DMA to Explore Predictive Dialer Abandon Rates

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The Direct Marketing Association is preparing to re-examine its guidelines for the use of predictive dialers. One particular area of concern will be the abandon rates, or the percentage of calls that do not immediately connect to a live operator.


The DMA's board of directors approved guidelines for the use of predictive dialers in January 1999 and said then that it would revisit the rules after a year, according to Marsha Goldberger, director of ethics and consumer affairs at the DMA.


"Right now we just want to find out how it's working," she said. "When we drafted this, because it was so new, we said, 'Let's look at it again in a year.' "


Goldberger said the process of revamping the guidelines will begin within the next few weeks and will involve members of the DMA's Teleservices Council, companies that manufacture the dialing equipment and other interested DMA members. Any changes would have to be approved by the DMA's board. Goldberger said the American Teleservices Association also will be asked for its input.


A DMA spokesman said the Ethics Committee is working with one of its members now concerning the use of predictive dialers. If the organization receives a complaint about a member failing to abide by the guidelines, the Ethics Committee will meet with the member to encourage compliance, but those who continue to be noncompliant may be kicked out of the association.


The move to revisit the guidelines comes as more consumers are asking the DMA to be put on the DMA's national do-not-call list. The DMA's Telephone Preference Service, a list of consumers who have asked not to be called and whom DMA members must agree not to call, has 3 million names. The list is now comparable in size to the Mail Preference Service, which a year ago had been a much larger list.


Some states, including Maryland, Minnesota and, more recently, Kansas, have considered legislation prohibiting or restricting the use of predictive dialers.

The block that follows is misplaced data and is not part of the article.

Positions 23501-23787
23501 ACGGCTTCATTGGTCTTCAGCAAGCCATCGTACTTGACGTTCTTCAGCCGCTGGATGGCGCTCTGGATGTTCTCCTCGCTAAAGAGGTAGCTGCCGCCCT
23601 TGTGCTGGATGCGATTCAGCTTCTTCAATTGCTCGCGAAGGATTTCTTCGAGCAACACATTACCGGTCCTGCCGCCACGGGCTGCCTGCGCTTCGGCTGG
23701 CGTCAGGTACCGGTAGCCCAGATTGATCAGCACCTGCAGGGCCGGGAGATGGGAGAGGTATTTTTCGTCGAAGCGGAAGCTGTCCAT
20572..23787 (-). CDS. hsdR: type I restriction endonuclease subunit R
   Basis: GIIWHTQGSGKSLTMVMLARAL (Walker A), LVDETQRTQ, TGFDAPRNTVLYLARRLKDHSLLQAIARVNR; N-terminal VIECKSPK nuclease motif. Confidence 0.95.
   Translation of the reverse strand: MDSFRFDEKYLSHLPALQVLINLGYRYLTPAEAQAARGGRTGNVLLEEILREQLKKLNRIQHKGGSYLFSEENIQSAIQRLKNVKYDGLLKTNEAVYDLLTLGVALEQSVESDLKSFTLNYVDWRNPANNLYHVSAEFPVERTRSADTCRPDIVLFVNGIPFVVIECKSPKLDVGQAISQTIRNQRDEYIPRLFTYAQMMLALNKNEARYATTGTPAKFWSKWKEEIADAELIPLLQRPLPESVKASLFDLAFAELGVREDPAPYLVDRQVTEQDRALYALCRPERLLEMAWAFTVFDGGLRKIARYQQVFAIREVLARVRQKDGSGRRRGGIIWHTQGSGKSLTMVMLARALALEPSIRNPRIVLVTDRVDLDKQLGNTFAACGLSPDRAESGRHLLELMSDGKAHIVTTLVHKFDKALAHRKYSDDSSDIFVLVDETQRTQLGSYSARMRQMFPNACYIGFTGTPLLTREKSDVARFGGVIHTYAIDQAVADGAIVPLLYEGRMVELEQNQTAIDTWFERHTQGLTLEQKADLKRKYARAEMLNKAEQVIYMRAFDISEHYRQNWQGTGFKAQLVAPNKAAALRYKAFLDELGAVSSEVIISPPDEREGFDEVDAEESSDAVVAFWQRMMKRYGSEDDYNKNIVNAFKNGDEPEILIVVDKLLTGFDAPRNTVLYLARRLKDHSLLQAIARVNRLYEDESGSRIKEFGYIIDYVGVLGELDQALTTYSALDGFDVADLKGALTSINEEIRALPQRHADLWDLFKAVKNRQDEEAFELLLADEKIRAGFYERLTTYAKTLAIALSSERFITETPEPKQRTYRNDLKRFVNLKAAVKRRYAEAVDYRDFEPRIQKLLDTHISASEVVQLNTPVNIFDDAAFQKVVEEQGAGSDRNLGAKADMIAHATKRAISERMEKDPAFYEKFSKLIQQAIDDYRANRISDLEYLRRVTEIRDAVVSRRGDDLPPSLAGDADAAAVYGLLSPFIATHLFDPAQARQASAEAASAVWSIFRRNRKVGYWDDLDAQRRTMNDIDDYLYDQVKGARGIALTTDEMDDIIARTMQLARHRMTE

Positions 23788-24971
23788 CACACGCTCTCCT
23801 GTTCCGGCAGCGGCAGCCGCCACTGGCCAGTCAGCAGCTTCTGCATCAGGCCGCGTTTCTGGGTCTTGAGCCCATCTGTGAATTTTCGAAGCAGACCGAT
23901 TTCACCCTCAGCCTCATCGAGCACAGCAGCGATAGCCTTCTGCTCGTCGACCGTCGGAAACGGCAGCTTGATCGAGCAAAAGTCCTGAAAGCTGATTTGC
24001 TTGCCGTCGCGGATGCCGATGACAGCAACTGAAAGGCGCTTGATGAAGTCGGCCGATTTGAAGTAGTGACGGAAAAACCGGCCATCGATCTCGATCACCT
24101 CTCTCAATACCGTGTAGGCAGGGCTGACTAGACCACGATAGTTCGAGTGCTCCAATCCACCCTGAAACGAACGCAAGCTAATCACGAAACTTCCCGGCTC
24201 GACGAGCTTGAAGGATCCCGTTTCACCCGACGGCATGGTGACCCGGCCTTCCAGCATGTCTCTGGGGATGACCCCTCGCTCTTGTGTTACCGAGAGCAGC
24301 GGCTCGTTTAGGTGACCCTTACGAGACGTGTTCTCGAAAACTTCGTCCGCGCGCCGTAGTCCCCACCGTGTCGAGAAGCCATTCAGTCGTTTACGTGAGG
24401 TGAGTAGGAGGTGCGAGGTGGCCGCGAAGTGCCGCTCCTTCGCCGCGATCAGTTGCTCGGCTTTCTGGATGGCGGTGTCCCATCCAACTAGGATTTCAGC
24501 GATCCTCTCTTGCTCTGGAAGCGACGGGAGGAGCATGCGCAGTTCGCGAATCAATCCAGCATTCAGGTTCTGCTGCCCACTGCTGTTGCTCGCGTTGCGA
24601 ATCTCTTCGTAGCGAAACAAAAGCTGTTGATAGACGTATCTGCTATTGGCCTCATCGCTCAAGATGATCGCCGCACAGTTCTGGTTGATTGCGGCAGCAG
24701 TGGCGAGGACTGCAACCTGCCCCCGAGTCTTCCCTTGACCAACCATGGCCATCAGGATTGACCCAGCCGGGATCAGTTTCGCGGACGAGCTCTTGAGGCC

Goldberger said the dead air that consumers sometimes hear when they receive a call placed by a predictive dialer is the reason for the concern over use of the devices.


"Some consumers were saying they thought they were being stalked or harassed," she said. "I think they might have felt somewhat comforted that it was just a telephone machine, but there really is a great annoyance factor there."


Telemarketers use the devices to increase their efficiency. The machines dial consumers automatically at a pace determined by the number of telemarketing agents, the number of available phone lines and the average talk times of the sales calls. The machines can thus start dialing a number even though a live agent is not immediately available because it calculates that an agent will become available by the time the consumer answers the telephone.


The result is that there might be a delay between when the consumer picks up the phone and when an agent actually becomes available. The percentage of answered calls in which no live agent comes on the line is called the abandon rate. The DMA's guidelines suggest a maximum abandon rate of 5 percent, but Goldberger said she thinks the guidelines will need to be revised to a lower number.


"I think what we really wanted to concentrate on is the 5 percent abandonment rate," she said. "I think what we'd like to do is go back to the members and see how the guidelines have been working out, and get some comments and feedback and see if we can get it lowered."


That might not be so easy, according to one DMA member who asked not to be identified. Companies might not be willing to accept the added costs that could come with slowing the pace of the predictive dialers, the member said.


According to one maker of predictive dialers, EIS International Inc., Herndon, VA, telemarketing agents can be twice as productive in a predictive-dialer call center. Agents will spend an average of 45 minutes of each hour talking with customers in a predictive-dialer center compared with 22 minutes or less in a center that uses manual dialing, according to an EIS report written for the DMA last year.


Goldberger said input from practitioners will be critical in determining whether abandon rate can be revised.


"We need to be realistic as we do these self-regulatory guidelines, but do the best thing for consumer protection as well," she said.


Mark Meyer, a spokesman at Stratasoft, Houston, a manufacturer of predictive dialers, said the technology is not an impediment to low abandon rates. Call center managers have the ability to set the abandon-rate goal as low as they would like to, he said, and the dialers will use sophisticated algorithms to self-adjust their dialing pace to maintain that rate. The lower the rate is set, however, the less productive agents will be because there are likely to be times when there are no customers on the line for them to speak to.
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